Residual Schizophrenia: In which psychotic symptoms are markedly diminished or no longer present.
Scientists think the above distinctions are no longer as accurate or useful as once thought and therefore instead just focus on describing symptoms and their severity.
People with schizophrenia may have a number of symptoms involving changes in ability, thinking, perception, behavior, and personality, and they may display different kinds of behavior at different times. When the illness first appears, symptoms usually are sudden and severe.
The most common symptoms of schizophrenia can be grouped into several categories including positive symptoms, cognitive symptoms, and negative symptoms.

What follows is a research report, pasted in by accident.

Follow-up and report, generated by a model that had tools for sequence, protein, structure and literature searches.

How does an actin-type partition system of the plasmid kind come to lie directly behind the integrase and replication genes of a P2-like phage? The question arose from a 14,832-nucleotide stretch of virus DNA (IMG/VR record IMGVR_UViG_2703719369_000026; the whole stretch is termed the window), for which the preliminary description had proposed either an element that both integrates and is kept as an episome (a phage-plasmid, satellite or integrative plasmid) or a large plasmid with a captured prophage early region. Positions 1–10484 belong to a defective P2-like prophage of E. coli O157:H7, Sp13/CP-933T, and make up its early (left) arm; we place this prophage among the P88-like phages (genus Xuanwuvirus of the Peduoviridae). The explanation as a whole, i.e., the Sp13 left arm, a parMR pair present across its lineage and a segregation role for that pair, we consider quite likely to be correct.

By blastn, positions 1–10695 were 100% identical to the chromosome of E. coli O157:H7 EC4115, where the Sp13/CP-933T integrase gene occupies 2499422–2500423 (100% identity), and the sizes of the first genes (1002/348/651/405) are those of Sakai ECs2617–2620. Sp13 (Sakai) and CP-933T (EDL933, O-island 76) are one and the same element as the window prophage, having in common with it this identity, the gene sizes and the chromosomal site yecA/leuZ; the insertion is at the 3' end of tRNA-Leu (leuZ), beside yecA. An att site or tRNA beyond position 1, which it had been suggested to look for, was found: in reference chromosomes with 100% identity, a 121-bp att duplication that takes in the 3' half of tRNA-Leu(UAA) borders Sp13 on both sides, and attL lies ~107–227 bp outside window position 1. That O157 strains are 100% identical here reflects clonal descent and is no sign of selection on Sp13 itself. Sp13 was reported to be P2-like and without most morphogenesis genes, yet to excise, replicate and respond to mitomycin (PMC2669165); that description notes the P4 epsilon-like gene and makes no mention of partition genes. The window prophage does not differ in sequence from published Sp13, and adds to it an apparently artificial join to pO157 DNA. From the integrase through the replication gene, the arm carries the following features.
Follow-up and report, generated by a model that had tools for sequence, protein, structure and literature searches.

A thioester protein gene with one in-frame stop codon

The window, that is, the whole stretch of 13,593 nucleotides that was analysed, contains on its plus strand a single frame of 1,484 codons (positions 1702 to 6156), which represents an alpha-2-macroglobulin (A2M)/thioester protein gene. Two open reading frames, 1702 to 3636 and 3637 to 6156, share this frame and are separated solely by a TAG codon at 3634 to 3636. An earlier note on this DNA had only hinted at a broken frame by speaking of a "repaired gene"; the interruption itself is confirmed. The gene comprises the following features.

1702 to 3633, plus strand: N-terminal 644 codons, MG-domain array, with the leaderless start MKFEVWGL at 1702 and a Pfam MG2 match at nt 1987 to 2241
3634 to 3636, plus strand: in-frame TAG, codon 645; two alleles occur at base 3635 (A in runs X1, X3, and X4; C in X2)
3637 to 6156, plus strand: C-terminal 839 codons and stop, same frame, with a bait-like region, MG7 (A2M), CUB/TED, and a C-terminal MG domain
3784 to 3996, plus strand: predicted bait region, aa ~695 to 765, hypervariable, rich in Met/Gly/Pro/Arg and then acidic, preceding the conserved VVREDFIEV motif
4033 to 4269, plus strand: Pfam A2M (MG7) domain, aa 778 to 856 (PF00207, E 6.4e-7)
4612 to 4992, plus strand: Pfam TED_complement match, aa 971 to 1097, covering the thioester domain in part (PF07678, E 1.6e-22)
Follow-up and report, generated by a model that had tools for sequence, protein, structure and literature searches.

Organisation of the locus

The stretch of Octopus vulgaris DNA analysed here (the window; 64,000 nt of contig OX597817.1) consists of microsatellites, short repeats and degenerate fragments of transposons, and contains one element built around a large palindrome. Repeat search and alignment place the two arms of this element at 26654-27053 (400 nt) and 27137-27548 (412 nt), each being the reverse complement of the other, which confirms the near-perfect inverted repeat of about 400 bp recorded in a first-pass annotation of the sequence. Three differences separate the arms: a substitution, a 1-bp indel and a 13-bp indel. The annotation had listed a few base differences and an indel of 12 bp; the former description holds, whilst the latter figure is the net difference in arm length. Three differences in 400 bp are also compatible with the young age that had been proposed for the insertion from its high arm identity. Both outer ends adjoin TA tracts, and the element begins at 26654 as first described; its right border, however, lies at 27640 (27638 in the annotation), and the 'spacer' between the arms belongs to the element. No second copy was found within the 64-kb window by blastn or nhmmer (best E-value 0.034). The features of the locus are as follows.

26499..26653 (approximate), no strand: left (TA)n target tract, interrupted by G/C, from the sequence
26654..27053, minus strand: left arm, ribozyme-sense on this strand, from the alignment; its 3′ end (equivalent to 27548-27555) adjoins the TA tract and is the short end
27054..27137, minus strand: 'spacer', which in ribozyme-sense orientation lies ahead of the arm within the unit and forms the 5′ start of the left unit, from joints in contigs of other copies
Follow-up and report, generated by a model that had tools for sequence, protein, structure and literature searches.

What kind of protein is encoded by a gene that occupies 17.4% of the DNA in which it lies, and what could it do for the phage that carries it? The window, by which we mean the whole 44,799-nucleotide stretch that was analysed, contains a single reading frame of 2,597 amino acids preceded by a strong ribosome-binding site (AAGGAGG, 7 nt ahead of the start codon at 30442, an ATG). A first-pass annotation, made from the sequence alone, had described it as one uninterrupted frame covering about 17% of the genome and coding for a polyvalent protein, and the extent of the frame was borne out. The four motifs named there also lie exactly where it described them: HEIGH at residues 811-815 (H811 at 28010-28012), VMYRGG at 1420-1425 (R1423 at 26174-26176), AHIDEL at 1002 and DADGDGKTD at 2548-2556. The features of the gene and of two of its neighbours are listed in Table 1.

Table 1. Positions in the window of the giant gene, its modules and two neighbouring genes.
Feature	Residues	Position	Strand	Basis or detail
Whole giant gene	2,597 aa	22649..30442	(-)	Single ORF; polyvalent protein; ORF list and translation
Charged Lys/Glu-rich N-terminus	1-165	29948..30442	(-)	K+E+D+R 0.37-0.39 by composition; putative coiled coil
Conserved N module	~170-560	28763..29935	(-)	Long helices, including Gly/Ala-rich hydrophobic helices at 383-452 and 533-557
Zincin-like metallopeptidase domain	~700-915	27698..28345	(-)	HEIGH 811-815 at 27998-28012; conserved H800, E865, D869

Positive Symptoms of Schizophrenia
In this case, the word positive does not mean "good." Rather, it refers to obvious symptoms that are exaggerated forms of thinking or behavior that become irrational. These symptoms, which are sometimes referred to as psychotic symptoms, include:
Delusions: Delusions are strange beliefs that are not based in reality and that the person refuses to give up, even when presented with factual information. For example, the person suffering from delusions may believe that people can hear his or her thoughts, that he or she is God or the devil, or that people are putting thoughts into his or her head or plotting against them.
Hallucinations: These involve perceiving sensations that aren't real, such as seeing things that aren't there, hearing voices, smelling strange odors, having a "funny" taste in your mouth, and feeling sensations on your skin even though nothing is touching your body. Hearing voices is the most common hallucination in people with schizophrenia. The voices may comment on the person's behavior, insult the person, or give commands.
Catatonia (a condition in which the person becomes physically fixed in a single position for a very long time).